- Reading level: 18+ years
- Hardcover: 288 pages
- Publisher: Penguin USA; Revised, Expanded ed. edition (30 October 2008)
- Language: English
- ISBN-10: 1591842263
- ISBN-13: 978-1591842262
- Product Dimensions: 16.2 x 2.7 x 24.3 cm
- Average Customer Review: 1 customer review
- Amazon Bestsellers Rank: #73,922 in Books (See Top 100 in Books)
Let's Get Real or Let's Not Play: Transforming the Buyer/Seller Relationship: 0 Hardcover – 30 Oct 2008
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About the Author
Mahan Khalsa is the founder of the FranklinCovey Sales Performance Group. Mahan is a world-renowned expert in business development and business-to-business sales, and he has worked with many clients, including Accenture, Aon, EDS, Microsoft, and Oracle. Mahan is a highly sought-after speaker, author, and business consultant who has helped clients earn billions of dollars in sales. He graduated with honors in economics from the University of California, Los Angeles, and has an MBA from Harvard University. Mahan is a founder and partner in the company Ninety Five 5 LLC, a FranklinCovey joint venture.
Randy Illig is a senior consultant at the FranklinCovey Sales Performance Group (SPG). Randy joined the SPG team because of his firsthand experience and success with the group’s Helping Cilents Succeed® (HCS) sales process. He now trains, consults, and coaches clients on how to win more profitable business by using the HCS sales process. Randy is partner with Ninety Five 5 LLC, a FranklinCovey joint venture, and serves as its CEO. He is a former recipient of the Ernst & Young Entrepreneur of the Year award, the Ernst & Young “CEO Under 40” award, and the Arthur Andersen Strategic Leadership Award.
Stephen R. Covey (1932–2012) was an American educator, author, businessman, and keynote speaker. His most popular book was The Seven Habits of Highly Effective People. His other books include First Things First, Principle-Centered Leadership, The Seven Habits of Highly Effective Families, The 8th Habit, and The Leader in Me: How Schools and Parents Around the World Are Inspiring Greatness, One Child at a Time. He was a professor at the Jon M. Huntsman School of Business at Utah State University at the time of his death.
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Most helpful customer reviews on Amazon.com
This book shows you how to make this a reality. LGROLNP is an absolutely brilliant, seminal sales text; a game-changer. I have used it as a required text in corporate B2B sales training programs, with much success. Let's Get Real or Let's Not Play = spending your time as wisely as possible, not wasting your time or your prospect's by going through the motions of a broken sales process designed to maximize short-term profits instead of customer satisfaction (leads to long-term profits). You can continue doing things the old way (a la Zig, Brian), closing on the first call, etc., a strategy guaranteed to result in a much lower closing ratio, a failed close or an unhappy customer (= returns, no referrals, no repeat business, bad word of mouth, etc). Or you can be smart and learn to properly qualify your leads into real prospects who in turn become customers for life, resulting in a full book of business filled with solidly-built relationships ...resulting in a genuinely prosperous sales career.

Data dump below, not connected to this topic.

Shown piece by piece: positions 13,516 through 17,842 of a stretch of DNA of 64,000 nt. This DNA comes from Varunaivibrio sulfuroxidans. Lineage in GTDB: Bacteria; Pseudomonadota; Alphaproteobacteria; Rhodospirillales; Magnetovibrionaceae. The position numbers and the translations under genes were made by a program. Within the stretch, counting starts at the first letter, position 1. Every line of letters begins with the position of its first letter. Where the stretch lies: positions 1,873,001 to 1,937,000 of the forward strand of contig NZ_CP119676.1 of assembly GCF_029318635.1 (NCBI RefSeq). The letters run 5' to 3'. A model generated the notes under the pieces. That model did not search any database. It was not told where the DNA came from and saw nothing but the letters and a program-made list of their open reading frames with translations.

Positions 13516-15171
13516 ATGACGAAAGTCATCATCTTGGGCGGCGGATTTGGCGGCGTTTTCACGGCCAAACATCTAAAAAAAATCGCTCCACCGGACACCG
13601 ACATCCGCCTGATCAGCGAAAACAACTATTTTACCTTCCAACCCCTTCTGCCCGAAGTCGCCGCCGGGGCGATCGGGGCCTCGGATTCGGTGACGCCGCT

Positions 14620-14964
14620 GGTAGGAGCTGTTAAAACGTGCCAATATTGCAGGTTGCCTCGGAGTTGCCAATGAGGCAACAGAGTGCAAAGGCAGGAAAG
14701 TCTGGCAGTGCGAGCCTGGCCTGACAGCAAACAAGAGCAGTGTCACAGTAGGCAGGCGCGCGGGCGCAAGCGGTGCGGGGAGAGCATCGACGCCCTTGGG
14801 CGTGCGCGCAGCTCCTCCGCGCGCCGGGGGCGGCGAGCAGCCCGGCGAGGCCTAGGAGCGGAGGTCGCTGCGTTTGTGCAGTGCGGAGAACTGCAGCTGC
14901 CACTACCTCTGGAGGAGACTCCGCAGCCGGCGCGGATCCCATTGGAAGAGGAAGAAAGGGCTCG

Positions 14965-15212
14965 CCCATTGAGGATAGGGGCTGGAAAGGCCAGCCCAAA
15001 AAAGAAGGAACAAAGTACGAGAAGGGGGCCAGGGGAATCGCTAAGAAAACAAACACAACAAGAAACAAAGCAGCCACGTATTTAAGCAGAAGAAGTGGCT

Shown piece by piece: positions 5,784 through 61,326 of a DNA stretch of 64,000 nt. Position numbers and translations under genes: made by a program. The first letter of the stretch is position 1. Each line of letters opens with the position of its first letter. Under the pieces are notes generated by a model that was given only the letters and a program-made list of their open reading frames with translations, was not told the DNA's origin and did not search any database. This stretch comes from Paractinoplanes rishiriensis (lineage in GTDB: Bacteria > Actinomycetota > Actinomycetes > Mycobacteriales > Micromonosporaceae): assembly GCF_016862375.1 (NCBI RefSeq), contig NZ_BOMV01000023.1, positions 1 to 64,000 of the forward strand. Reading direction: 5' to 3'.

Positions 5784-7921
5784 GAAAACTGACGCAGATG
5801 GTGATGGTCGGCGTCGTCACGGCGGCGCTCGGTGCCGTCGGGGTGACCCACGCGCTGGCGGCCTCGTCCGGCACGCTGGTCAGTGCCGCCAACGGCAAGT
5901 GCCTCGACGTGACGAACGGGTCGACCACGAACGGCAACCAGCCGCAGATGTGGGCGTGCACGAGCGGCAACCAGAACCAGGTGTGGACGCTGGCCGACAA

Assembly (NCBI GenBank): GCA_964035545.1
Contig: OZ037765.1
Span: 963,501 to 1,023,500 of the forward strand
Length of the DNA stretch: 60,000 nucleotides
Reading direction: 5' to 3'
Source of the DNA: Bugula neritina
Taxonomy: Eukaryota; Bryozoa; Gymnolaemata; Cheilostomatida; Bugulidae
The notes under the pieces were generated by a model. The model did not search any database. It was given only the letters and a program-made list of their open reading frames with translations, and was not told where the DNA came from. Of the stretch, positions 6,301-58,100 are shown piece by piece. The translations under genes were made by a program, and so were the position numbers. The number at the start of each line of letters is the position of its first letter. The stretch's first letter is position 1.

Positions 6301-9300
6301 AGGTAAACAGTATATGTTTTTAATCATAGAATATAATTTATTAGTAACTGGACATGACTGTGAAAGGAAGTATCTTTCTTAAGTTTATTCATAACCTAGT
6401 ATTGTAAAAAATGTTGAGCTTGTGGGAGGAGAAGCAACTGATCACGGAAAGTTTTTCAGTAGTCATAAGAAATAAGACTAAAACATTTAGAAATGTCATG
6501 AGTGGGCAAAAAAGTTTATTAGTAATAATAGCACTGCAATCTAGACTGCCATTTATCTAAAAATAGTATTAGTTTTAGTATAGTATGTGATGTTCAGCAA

Many of the concepts in this book are perfect for technology based projects, specifically software development and hardware based solutions. I've read many books that offer some of the concepts within, however, none articulate them as well, or as thoroughly!
I've compiled many of the key points into a document for future reference when working with clients. Utilizing these points, my team and I have increased the quality of our projects and continue to increase our ability to help clients succeed!
I wish I found this book much sooner in my career, and I've asked my entire team to read it (as the concepts are important for anyone dealing with clients).
I will confess that I purchased this book because I had to: my consulting firm (the biggest of the Big 3) made this a required reading. I ordered it from Amazon and read it over the course of four short flights.
I loved this book. There is a lot of good common sense in here that is needs to be shared -- for some it's not news (and hence why maybe it didn't get a high rating from everyone), but unless we incorporate it into our thinking then we will continually be faced with either guessing what the client wants, or business development expenses that simply can't be justified.
I would strongly recommend this book to anyone at a manager level or above in professional services. Absolutely.
While many of the principles are similar to solution selling, there is a vast difference in what Mahan Khalsa espouses. Rather than the "hurt and rescue" techniques of most sales methodologies this centers around awareness and choice with a hearty dose of intent and trust. In my opinion this book speaks to the most basic tenants of capitalism - each and every trade must be a) mutually beneficial and b) entered into freely. The underlining theme is similar to the Hippocratic Oath - First, do no harm.
The book outlines a sales methodology focused on finding value using structured questioning techniques. It is well written and the advice is practical. I highly recommend it.